I was browsing through some forums tonight and ran across a post asking how to convert monsters from the first 4e Monster Manual in order to make them compatible with the changes made in 4e Monster Manual III.

Something Cool

First off, let me tell you about something I discovered in the process. One of the responses included the picture to the left. As you can see, it is a cheat sheet for creating 4e monsters on the fly, and has all the pertinent information contained within a business card. That’s a handy little way to put together all that info.

At the bottom of the card, it referred to blogofholding.com, presumable the creator of the card. Not having heard of them before, I went to check out the site. After a bit of searching, I discovered an article titled “Monster Manual 3 on a Business Card“. They are indeed the creator of the card and the related article was an interesting read.

Creating Monsters on the Fly

All DMs, regardless of the system they are using, should become proficient with creating monsters on the fly, and doing so easily and smoothly in order to give the impression the encounter was fully prepared well in advance. Using a cheat sheet (as shown above) is a handy method of doing that.

Monster Standardization

I’m a huge fan of having things make sense wherever possible. I think a logical world promotes the immersive feel of the fantasy environment. To that end, I feel that a certain amount of standardization is necessary in many things. Monsters are a great example. I hate it when monster stats seem to be pulled out of thin air. Monsters, like PCs, should have definite rules governing their creation.

In fact, my monster database is set up in such a way that I can create a new monster simply by entering a level, a role (brute, soldier, ranged, etc), and a size. With these three pieces of information I can generate basic stats that offer a standardized creature. As additional information is entered (such as checking: Leader, Solo, Elite, or Minion), that information is incorporated to individualize the monster. Standard abilities, defenses, skills, and other stats are automatically generated.


Monsters, again like PCs, should also be individuals. Standardization is important, but should be used as a baseline. All monsters of the same level should present a similar threat level. Standardization can offer that. However, I certainly don’t want every monster of the same level to have identical stats. Diverse encounters, and monsters with unusual abilities, are what keep combat interesting.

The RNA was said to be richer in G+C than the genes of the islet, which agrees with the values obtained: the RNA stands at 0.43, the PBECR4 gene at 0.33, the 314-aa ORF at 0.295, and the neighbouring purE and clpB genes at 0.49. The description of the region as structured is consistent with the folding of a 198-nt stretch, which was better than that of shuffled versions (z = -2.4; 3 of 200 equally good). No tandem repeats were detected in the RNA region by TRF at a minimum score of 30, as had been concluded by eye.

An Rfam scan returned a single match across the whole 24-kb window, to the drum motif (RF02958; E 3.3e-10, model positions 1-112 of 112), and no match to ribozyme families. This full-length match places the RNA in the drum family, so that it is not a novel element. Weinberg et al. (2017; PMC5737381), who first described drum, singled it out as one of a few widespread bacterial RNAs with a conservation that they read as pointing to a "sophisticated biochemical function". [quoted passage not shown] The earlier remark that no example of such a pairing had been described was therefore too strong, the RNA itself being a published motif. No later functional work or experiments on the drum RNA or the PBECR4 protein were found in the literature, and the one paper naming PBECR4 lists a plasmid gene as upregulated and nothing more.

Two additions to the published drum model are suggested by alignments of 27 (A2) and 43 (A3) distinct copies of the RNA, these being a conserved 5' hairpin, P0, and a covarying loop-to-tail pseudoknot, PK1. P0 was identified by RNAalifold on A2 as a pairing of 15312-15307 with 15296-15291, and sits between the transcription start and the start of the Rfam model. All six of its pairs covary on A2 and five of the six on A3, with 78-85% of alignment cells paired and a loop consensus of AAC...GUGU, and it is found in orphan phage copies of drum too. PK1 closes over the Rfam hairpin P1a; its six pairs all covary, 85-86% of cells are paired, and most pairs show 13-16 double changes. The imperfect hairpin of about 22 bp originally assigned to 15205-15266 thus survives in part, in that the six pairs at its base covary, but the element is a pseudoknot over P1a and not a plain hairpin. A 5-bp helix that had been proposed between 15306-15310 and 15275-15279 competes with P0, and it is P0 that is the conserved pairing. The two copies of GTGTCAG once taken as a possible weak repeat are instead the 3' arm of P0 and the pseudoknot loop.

Going back to my database again as an example… Minimal information will generate a standardized creature. I don’t actually want a standard creature every time. I want each one to be unique. Therefore, I added additional fields that allow for adjustments to abilities, defenses, skills, etc.

This is the second step needed when creating monsters on the fly, and what turns a series of procedural steps into an art. The DM needs to have a feel for how much deviation can be made without overly affecting the threat level of the creature.

What Does All That Mean

I want every creature to be an individual. Their stats need to reflect that. However, it isn’t possible to always have every creature detailed in advance. When crazy things happen, the DM needs to improvise. Often, that means creating a monster or NPC on the spot. Having a cheat sheet, like the one above, is a very helpful resource for DMs when they need to do that.

But when I saw the post on the forums, warning bells started going off. That sort of thing, taken out of context as it was, is exactly the sort of thing new DMs latch onto and use inappropriately. If a cheat sheet is used to create standard monsters every time, then every monster becomes a clone of each other. That’s definitely not desirable, and certainly not what that sort of resource is intended for.